It is said that music feeds the soul. The hills of Western North Carolina have always been a beacon of musical performances — until the pandemic shut down venues throughout the area.

“Music has a way of connecting people,” said Buddy Melton, lead singer and fiddle player for the bluegrass band Balsam Range, which, to the delight of many, started back live concerts recently. “People keep telling us they have been missing live music.”

During the pandemic, people fed their hunger for music watching live streams of concerts. Last fall, drive-in concerts became prevalent. A few music halls, such as Isis in West Asheville, began socially distanced concerts. Happily, The Orange Peel and the Grey Eagle re-started pod-seating live concerts in Asheville. And, as the weather warms up, outdoor venues like Salvage Station in the River Arts District are back up and running with socially distanced concerts.

A Hidden gem

In some ways, the Hazel Robinson Amphitheatre (HRA) in Asheville’s Montford neighborhood is yet to be discovered as an outdoor venue, presenting first-class music performances. Some know it as home to the Montford Park Players, which stages Shakespeare and other dramatic entertainment May to October.

Described as “a hidden gem,” HRA is Asheville’s only outdoor amphitheater.

While most concerts presented at HRA are in the bluegrass, folk and Americana genres, jazz, funk and soul acts also have taken the stage there.

“We’re trying to be respectful of the community and neighbors in the Montford area with the type of groups playing at the amphitheater,” said Kyle Davies, managing partner at Plugged-in Productions, which has presented music there since 2018.

Davies said he was excited when he first stumbled upon the amphitheater, realizing that it’s a unique venue for Asheville. He approached John Russell, executive director of the Montford Park Players, about sharing the stage for live music concerts. It was agreed that music could be presented on days when the Players do not have performances.

“It’s beautiful being outdoors at this venue,” Davies said.

The concerts use socially distanced seating, per COVID guidelines, with pods marked for lawn seating, and pod seating for the higher ticket price chairs and bench seating. While attendees may not bring chairs, it didn’t seem to bother the hundreds of people on blankets or benches, enjoying the fresh air and live music.

Return of Live Concerts

Kicking off the re-start of live music at HRA was Balsam Range, the multi-award winning and legendary bluegrass band from Haywood County.

This was the first time Balsam Range performed at the amphitheater, and it was a homecoming for Balsam Range, which hadn’t played WNC since the pandemic began.

“The amphitheater is a great place for concerts,” Melton said. “They’re booking some terrific musicians. Live music is important for the area and the people, so we hope the concerts can continue.”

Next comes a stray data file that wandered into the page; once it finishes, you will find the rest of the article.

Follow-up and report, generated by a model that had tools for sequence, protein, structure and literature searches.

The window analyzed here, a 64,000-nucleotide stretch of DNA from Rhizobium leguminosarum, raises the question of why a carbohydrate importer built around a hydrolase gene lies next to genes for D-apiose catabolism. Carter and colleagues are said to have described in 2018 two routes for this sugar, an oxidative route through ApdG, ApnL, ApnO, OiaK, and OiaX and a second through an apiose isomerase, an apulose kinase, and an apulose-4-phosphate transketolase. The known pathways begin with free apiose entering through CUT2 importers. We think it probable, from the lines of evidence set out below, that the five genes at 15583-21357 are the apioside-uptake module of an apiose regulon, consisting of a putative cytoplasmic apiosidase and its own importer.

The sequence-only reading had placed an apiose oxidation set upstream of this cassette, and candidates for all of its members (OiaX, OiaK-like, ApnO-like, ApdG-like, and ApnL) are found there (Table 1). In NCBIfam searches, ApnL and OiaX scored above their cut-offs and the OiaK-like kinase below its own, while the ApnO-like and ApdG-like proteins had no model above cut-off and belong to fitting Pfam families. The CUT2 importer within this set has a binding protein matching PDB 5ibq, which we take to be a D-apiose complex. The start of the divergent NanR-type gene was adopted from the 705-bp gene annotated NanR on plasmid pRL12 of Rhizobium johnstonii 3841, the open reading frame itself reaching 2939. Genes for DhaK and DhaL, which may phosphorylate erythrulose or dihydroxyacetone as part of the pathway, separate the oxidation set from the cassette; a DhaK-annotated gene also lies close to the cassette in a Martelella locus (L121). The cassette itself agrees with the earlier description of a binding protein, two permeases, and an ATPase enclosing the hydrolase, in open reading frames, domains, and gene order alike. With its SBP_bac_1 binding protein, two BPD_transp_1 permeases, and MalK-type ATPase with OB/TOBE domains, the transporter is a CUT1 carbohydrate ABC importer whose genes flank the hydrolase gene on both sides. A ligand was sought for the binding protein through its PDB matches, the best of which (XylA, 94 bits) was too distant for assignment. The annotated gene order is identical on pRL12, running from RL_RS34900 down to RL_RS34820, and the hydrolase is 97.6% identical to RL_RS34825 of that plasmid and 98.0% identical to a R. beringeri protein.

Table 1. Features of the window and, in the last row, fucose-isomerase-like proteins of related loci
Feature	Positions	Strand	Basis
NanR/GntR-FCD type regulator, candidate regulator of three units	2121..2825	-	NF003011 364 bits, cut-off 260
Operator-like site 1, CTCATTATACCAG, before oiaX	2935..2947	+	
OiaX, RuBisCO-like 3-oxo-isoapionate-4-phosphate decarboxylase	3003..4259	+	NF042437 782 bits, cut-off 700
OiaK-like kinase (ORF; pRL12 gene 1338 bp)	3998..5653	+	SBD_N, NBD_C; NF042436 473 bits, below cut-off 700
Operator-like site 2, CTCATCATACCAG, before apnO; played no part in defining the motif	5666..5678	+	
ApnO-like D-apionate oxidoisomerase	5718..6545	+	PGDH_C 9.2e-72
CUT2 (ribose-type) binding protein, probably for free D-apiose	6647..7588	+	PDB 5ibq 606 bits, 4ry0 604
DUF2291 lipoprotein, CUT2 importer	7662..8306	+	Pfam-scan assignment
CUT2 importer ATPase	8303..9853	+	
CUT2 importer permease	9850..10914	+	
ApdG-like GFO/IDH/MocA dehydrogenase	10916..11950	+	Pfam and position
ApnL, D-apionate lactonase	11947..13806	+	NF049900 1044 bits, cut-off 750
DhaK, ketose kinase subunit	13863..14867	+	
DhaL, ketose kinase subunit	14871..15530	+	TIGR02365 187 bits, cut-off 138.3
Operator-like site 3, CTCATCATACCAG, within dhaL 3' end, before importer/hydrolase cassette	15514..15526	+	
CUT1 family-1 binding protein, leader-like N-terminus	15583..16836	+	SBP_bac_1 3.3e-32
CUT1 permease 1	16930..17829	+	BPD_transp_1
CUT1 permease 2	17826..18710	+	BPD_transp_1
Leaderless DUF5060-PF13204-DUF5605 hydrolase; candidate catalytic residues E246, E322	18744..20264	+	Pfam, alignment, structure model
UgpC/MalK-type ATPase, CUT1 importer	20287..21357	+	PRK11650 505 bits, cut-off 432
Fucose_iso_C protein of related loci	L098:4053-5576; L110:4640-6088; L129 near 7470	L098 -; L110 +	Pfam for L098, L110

Melton said the band has not played many concerts this year due to the ongoing pandemic.

“It’s exciting and weird at the same time to be back on stage,” Melton said. “It’s been so long since we’ve played for a concert, we now have butterflies before playing for people.”

Balsam Range stayed “busy and productive,” during the shutdown days, recording new music for an upcoming album. Some of the songs, like “Richest Man,” “Grit and Grace” and the new “Rivers, Rains and Runaway Trains,” have topped the bluegrass charts this past year. New music will be released in the next two weeks.

Melton is touched that the message in “Grit and Grace” (“I supplied the grit and God supplied the grace”), has resonated with people. It was co-written by his mother, Ann Melton, and acclaimed songwriters Milan Miller and Beth Husband, who contribute many songs to the Balsam Range song catalog.

“The greatest reward we could have is the positivity people tell us comes from the song,” Melton said. “We’re proud of the many reasons ‘Grit and Grace’ has impacted people.”

Melton said Balsam Range is delighted to be back on stage.

“The fans tell us they’ve been hungering for us to play for them,” Melton said. “Since it’s been a while, the performance may not be perfect, but we’ll laugh through it together. It’s good to be back with the guys — and with the WNC home crowd.”

Balsam Range vocalist and bass and dobro player Tim Surrett told the crowd, “It is so good, so good — so good — to be back playing music for you.”

Concert Lineup at HRA

Asheville’s Supper Break String Band opened for Balsam Range and got the bluegrass groove going. In addition to Balsam Range, folk quartet Mipso has played this season at HRA. Next up is rising country music star Charley Crockett, followed by dobro master Jerry Douglas. In June, The Travelin’ McCourys with the Jon Stickley Trio are scheduled.

The concerts will continue on weeknights through at least October, with some big names in the works. Davies hopes to have announcements on future acts soon.

Visit for concert information.

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